English translation - the term "period" may not be understood outside America

Hi there,

My parents in-law were having difficulty using the 1password-X browser extension.

When I asked what their issue was, they said that the auto-fill wasn't working and it wanted them to push a key-combination they could not understand. The auto-fill message was "Press Ctrl+Period to unlock 1password".

Once I explained to them that the word "period" was commonly used in America meaning "full stop", they immediately understood what was being asked of them.

I think there should be a setting in 1password for American English or British English to correct for this.


1Password Version: Not Provided
Extension Version: 1.18.0
OS Version: Firefox
Sync Type: Not Provided


  • kaitlynkaitlyn

    Team Member

    Hey @woodsb02! 👋

    Thanks for getting in touch. I'm curious what you'd call the . key on your keyboard. I want to ensure it's understood across the board, however, I haven't heard of the misunderstanding in the past.

    Also, keep in mind that the keyboard shortcut to access 1Password X is Ctrl+Period by default, but they have the ability to change that shortcut to a different set of keys. If you need any help with that, just let me know and I'd be happy to walk through it with you.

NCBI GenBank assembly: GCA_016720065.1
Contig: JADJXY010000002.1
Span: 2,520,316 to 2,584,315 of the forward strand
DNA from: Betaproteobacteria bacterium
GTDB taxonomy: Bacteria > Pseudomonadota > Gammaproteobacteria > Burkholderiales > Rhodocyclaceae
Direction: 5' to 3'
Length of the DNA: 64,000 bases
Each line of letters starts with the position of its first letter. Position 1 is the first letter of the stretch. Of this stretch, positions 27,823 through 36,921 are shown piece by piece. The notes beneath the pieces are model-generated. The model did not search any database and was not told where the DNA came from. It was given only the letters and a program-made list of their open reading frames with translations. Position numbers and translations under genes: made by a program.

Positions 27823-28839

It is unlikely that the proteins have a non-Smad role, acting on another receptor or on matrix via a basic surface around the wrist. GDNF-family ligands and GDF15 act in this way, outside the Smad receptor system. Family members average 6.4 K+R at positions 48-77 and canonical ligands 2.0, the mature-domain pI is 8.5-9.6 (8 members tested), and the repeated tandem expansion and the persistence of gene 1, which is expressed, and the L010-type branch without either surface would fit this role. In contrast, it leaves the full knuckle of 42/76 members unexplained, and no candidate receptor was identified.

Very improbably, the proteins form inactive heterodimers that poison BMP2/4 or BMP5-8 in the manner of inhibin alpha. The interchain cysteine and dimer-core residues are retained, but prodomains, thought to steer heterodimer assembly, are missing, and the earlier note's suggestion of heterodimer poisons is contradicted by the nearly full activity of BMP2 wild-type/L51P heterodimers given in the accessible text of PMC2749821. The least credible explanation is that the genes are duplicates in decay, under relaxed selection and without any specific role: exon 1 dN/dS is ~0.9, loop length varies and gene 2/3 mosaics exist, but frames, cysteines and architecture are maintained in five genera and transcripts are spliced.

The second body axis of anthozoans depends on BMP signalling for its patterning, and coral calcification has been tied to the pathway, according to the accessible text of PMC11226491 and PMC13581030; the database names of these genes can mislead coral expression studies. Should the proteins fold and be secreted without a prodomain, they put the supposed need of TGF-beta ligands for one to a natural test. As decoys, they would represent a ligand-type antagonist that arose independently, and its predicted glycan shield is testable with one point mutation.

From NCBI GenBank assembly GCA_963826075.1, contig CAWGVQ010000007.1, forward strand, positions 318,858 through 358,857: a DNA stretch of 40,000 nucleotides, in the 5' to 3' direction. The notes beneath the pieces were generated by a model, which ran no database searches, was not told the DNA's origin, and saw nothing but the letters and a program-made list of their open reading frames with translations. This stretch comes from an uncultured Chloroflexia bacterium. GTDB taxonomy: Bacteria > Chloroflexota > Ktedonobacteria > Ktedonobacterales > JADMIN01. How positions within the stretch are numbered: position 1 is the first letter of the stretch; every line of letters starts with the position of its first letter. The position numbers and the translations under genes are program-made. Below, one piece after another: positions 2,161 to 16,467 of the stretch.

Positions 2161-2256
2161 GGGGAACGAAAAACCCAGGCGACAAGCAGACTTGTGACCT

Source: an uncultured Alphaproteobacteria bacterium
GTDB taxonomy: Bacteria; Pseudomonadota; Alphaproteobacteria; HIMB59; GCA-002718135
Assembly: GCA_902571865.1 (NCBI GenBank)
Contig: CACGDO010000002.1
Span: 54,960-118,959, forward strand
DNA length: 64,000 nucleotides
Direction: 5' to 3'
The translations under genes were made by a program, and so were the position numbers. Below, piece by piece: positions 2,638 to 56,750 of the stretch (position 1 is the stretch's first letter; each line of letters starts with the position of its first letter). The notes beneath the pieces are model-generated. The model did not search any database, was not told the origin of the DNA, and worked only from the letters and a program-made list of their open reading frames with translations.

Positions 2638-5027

• kaitlynkaitlyn

    Team Member

    Thanks, @woodsb02! You really do learn something new every day. To be completely honest, I'm not sure that the word "Period" is translated when you select another language in 1Password X. The first thing we'd need to do is localize that string to allow for translation if we were to do two separate English language options. I'll pass your feedback along to my team. I appreciate you sharing it with us!

    In the meantime, if your in laws are still having a bit of confusion, I'd suggest changing the keyboard shortcut for them so it doesn't include the . key. I changed mine to Command+Alt+X (on a Mac), for example, and that worked well for me.

    ref: dev/core/core#700

  • Can I give this a +1? "Period" is not only not used for that purpose outside of the USA, it has other less pleasant connotations also. This needs to be localised desperately.

  • ag_anaag_ana

    Team Member

    Thank you for taking the time to share you feedback about this as well @Gallandro :+1::)

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